A total of 227 pregnant women were included in the study. The mean age of the patients was 29.5±6.12, and the mean week of gestation was 30.79±7.49. It was found that 24 (52.1%) of the 46 (12.6%) patients who were not vaccinated for tetanus in their previous pregnancies believed that the vaccine was harmful for the baby and therefore they were not vaccinated. In addition, it was found that the physicians who carried out the follow-ups of 2 of these 46 patients, who stated that they were not vaccinated in their previous pregnancies, were also anti-vaxxers. It was found out that 172 (75.7%) patients learnt from the family practitioner’s nurse that they needed to be vaccinated. The number of the patients who learnt from the obstetrician-gynecologist that they needed to get tetanus vaccine was only 2 (0.8%). While there were 177 (77.9%) patients who were / will be vaccinated for tetanus in this pregnancy, 47 (20.7%) patients were indecisive for being vaccinated or not. Also, 200 (88.1%) patients knew that tetanus vaccine does not have any side effect on pregnancy.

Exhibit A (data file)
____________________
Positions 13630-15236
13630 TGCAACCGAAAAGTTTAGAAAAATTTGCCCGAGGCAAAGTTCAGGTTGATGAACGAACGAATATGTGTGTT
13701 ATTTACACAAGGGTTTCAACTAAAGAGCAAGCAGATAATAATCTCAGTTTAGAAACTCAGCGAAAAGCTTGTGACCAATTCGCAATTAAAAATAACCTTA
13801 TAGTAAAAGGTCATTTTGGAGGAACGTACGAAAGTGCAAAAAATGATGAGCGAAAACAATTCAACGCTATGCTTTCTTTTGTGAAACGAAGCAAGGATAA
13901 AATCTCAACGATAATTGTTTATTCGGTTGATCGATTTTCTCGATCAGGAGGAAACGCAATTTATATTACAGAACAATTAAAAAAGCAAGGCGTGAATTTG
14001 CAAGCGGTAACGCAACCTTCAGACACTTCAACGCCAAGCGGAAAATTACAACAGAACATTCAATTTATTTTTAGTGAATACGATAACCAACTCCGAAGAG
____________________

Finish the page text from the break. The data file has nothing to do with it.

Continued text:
Conclusion
The greatest obstacles to the vaccination are the belief that vaccine may harm the baby, and the lack of knowledge about vaccination. The greatest obstacle caused by the healthcare professionals is the lack of providing sufficient information about vaccine, not explaining the necessities of vaccine to patients and the perception of obstetricians in particular that only the primary healthcare organizations are responsible for tetanus vaccine.
Keywords

Pregnancy, vaccine, vaccination, tetanus, immunization.

Introduction